I plead guilty to enjoying a cold beer or two, and I’ve watched with amazement as the decade-long bull market in the craft beer industry shows no signs of abating.
The new year is a great time to let bygones be bygones and embrace some new sales and marketing strategies that will set you up for a more profitable 2017. If you’re not sure where to focus your efforts in 2017, use this list of resolutions as a guide.
Encourage new, individual and team goals. Making goals is a vital part of running a successful business. For optimum efficiency in the new year, encourage the making of brand new goals at every level. It will start a chain reaction of goal setting that will improve your company’s sales and employee engagement as a whole.
Begin with sales goals for your organization. Share these goals with teams, who can make goals that fit under that umbrella. Then, individuals can define their sales goals. Encourage specific and measurable goals, and stress the importance of making action plans to ensure goal completion.
Use more data in your sales efforts. “Increasing the quality of sales leads, improving the quality of sales lead data, improving prospecting list accuracy, territory planning, win rates and decision maker engagement strategies are all areas where big data is making a contribution to sales today,” says an article from Forbes.
Data is a powerful tool, but it’s often way under-utilized by sales teams. With proper analytics, data can give you incredibly useful information about leads, effective sales tactics, successful marketing strategies, engagement behavior, customer interest, and more. All of this information can increase proficiency of sales efforts if put into practice.
Get sales and marketing on the same page. An ever-present issue for businesses of all sizes is the disconnect between sales and marketing. The marketing team creates a strategy without consulting the sales teams, who work directly with the target audience. Additionally, the sales team fails to communicate this information that could make marketing so much more effective.
This year, create a system of alignment that will bring sales and marketing teams together. Create webinars, demos, training meetings, and conversion funnels that will bring the two teams on the same page where they can effectively communicate and increase revenue as a result.
Use more digital tech and tools. New software and automation tools are developed year over year. If you’re still operating with tech that’s 10 years old or more, use the new year as a prime opportunity to update. Technology aids with customer relationship management, automated transactions, better website experiences, improved client tracking, and most importantly, cost efficiency. Sales teams have a much easier time doing their jobs when the right tools are there to back them up.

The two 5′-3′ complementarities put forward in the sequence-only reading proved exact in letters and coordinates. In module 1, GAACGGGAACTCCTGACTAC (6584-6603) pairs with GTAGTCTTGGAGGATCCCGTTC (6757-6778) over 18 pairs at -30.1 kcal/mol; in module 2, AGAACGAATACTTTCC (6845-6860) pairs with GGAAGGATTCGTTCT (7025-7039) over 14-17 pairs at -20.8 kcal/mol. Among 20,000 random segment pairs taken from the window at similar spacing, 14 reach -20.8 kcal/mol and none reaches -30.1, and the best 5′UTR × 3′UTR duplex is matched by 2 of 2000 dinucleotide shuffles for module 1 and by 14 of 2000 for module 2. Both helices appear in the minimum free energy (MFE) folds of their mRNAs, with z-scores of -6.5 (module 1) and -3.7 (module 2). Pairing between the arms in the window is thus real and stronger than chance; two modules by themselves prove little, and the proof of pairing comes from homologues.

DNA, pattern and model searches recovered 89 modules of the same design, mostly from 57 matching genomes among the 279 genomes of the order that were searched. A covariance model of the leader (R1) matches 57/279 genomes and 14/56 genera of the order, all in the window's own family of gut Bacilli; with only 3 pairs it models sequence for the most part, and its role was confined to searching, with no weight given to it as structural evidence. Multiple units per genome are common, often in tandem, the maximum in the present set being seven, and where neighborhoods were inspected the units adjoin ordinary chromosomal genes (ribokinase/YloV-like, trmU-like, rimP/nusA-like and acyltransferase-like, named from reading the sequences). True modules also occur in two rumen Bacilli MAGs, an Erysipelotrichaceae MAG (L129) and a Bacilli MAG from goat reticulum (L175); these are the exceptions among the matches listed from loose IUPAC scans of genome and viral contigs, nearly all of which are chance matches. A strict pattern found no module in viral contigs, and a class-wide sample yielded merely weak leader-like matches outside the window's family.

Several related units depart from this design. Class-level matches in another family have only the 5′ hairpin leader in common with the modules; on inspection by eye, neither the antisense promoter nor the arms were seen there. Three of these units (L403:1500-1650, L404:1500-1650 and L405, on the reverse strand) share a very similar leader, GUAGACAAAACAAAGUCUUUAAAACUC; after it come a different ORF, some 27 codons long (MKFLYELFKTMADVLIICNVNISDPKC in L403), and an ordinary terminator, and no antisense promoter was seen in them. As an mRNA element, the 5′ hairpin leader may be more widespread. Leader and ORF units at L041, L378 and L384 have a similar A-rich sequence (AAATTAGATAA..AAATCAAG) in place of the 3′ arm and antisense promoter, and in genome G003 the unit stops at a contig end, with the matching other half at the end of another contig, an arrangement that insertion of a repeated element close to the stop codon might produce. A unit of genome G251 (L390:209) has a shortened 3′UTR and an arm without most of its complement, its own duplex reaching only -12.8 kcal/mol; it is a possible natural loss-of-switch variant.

Brush up on communication skills. “The root of... [communication] is the ability to gather and provide information in a way that makes your prospect want to do business with you,” says an article from Hubspot. “Your value proposition, your pricing, even your product’s features -- none of that matters unless you’re able to get your prospects to talk to you and also listen to what you have to say.”
Most sales organizations can improve their communication skills in one area or another. Lessons in general communication can influence every aspect of business from aligning your sales and marketing teams to improving client and salesperson relationships. Teach timeless communication skills, like speaking up and responding in a timely manner, as well as updated skills thanks to technology. The use of visual graphical mediums and short videos, for example, is a new form of communication that all sales personnel should learn.
Measure impact rather than activity. Too often, B2B sales teams get distracted by the activity of their salespeople without direct regard for the results. It’s easy to confuse busyness with productivity, which can decrease effectiveness. This year, make impactful sales efforts a bigger part of your regime. Take a look at what you’re really measuring and make sure you can glean useful information from it. You might more closely measure hot leads rather than the number of cold calls made, for example. This will provide insights that can be acted upon for improvement.
There isn’t a sales team on the planet that won’t benefit from some progressive new year’s resolutions, but it shouldn’t be a one-time thing. As the year moves on, evaluate the resolutions you originally made. Make adjustments or new goals to better match your needs as time goes on. This will keep momentum going through your sales team and bring effective sales goals to pass.
Anna Johansson is a freelance writer who specializes in social media and business development.